Домой United States USA — Art The Utter Incoherence of Trump’s Battle With Twitter

The Utter Incoherence of Trump’s Battle With Twitter


The president’s executive order is opportunistic and Orwellian—but that was the whole point.
Donald Trump has used Twitter to do many things: accuse a man of murder, incite insurrection, harass private citizens, block critics, lie about voting systems, threaten war crimes, promote unproven drug treatments, and divert attention from the 100,000 deaths of Americans on his watch. He has done all of this, and more, for years without the slightest interference by the platform. Even as he repeatedly violated Twitter’s rules and policies and the targets of his malicious campaigns pleaded for intervention, the social-media platform stood down.
But on Tuesday, Twitter did something it had never done before. It fact-checked Trump, or, more precisely, it added a small label with an exclamation point and the words “Get the facts about mail-in ballots” to two of Trump’s tweets that contained false claims about voter fraud. Clicking on the label leads to a Twitter announcement headlined “Trump makes unsubstantiated claim that mail-in ballots will lead to voter fraud.”
Within minutes, Trump had accused the platform of “stifling free speech” and “interfering in the 2020 Presidential Election,” vowing to “not let it happen.” The next day, Trump’s press secretary, Kayleigh McEnany, told reporters that Trump would sign some kind of executive order about social media; a draft of the order was circulated to journalists and members of the public later that night. On Thursday, after ordering reporters out of the room, Trump signed the executive order, the final text of which was released shortly after.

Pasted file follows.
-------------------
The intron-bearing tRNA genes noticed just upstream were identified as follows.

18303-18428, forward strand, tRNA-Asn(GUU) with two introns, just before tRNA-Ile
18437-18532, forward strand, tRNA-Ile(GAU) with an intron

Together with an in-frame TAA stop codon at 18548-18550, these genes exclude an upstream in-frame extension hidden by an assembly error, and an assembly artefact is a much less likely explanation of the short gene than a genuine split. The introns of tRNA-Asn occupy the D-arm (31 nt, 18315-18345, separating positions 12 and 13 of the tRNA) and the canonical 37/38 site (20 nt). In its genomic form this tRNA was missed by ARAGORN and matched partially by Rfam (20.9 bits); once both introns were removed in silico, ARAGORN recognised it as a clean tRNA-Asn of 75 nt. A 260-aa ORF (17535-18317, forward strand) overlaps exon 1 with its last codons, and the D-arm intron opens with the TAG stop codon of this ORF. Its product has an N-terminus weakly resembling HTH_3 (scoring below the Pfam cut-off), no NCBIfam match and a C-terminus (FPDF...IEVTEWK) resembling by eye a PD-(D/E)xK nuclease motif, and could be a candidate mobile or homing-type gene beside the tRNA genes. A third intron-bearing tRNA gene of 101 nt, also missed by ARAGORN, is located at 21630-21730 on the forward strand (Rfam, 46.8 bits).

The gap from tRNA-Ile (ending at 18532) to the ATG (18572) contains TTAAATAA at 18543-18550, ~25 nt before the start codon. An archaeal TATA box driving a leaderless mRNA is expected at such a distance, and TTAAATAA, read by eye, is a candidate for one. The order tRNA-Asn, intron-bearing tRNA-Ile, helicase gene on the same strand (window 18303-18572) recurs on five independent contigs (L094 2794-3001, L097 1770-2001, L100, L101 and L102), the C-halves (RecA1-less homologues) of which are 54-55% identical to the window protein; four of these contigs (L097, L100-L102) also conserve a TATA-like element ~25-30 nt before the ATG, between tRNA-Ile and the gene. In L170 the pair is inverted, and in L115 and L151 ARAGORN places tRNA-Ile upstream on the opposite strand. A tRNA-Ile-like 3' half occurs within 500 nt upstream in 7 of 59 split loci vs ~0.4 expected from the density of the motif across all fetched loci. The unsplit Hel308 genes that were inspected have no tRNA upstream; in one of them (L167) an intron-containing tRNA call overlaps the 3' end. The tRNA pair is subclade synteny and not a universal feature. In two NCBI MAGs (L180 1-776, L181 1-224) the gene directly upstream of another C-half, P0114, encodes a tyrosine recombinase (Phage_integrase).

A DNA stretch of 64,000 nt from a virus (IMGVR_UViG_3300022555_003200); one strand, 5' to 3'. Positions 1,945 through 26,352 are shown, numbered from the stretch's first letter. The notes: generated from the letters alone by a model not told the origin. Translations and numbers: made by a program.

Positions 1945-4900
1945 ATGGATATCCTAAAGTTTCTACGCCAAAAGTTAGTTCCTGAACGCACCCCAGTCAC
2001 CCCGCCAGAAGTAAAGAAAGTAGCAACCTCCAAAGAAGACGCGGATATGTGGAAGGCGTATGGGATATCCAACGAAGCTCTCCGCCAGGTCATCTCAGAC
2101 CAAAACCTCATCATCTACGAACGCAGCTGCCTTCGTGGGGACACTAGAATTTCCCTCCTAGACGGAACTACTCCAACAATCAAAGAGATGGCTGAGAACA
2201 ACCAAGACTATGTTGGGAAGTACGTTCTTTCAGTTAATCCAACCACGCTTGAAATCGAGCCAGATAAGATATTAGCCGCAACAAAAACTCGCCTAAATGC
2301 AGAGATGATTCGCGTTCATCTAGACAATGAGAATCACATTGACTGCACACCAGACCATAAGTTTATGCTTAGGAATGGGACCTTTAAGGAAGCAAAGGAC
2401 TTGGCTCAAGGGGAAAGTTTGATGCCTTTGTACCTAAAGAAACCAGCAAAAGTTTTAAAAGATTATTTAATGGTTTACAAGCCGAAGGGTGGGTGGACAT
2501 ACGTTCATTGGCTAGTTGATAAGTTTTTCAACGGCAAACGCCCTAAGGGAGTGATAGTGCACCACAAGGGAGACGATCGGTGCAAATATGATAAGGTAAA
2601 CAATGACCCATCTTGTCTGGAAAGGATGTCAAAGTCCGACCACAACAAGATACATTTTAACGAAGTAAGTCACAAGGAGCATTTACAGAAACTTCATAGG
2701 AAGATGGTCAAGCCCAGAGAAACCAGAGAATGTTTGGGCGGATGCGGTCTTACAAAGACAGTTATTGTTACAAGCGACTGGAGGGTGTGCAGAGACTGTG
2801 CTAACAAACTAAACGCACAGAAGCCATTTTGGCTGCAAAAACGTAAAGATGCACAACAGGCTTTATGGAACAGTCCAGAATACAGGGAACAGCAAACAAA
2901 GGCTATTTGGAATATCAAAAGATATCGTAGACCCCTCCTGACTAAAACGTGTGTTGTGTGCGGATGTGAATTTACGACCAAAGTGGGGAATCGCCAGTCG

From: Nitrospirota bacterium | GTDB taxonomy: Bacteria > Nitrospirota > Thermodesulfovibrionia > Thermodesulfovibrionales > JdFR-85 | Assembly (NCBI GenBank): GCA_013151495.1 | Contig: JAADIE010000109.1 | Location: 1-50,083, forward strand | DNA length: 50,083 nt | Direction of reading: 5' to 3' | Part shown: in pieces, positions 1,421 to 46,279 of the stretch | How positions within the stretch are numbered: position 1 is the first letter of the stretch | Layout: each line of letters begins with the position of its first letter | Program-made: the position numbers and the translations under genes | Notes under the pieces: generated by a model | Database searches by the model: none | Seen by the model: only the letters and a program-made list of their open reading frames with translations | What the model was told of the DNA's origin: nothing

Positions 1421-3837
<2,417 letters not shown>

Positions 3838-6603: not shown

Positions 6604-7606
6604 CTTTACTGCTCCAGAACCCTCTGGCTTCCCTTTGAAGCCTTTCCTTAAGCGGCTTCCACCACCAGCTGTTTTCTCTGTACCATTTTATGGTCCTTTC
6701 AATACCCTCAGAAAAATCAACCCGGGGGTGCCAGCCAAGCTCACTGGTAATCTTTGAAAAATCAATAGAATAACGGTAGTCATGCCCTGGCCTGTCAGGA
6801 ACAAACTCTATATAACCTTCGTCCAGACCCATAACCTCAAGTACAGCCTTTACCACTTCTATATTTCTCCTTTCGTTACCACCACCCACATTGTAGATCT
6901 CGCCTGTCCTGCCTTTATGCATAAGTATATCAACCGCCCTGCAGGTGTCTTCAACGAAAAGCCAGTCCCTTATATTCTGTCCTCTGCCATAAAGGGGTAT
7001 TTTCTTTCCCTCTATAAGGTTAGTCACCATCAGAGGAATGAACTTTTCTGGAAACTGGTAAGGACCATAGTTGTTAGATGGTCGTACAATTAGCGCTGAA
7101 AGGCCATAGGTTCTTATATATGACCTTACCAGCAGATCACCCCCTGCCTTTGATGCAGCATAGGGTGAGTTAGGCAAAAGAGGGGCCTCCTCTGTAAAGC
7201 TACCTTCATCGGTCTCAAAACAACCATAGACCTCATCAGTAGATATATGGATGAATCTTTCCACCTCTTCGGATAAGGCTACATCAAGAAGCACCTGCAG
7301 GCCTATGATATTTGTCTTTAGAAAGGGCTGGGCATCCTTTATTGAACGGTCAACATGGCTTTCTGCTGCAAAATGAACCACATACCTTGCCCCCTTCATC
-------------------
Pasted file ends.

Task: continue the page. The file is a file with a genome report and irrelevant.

The executive order is, to put it plainly, an opportunistic, Orwellian, legally unintelligible screed. For one, its use of the First Amendment as a framing device is an obvious exercise in bad faith. Even Trump, constitutionally illiterate though he may be, is doubtless aware that the First Amendment is a restraint on the government’s power to restrict free speech, not an all-access pass for him to use private businesses and services to say whatever he likes. The order’s attempt to declare social-media platforms public forums with statelike obligations falls flat too, because, as Trump’s own handpicked Supreme Court justice Brett Kavanaugh wrote last year, “merely hosting speech by others is not a traditional, exclusive public function and does not alone transform private entities into state actors subject to First Amendment constraints.

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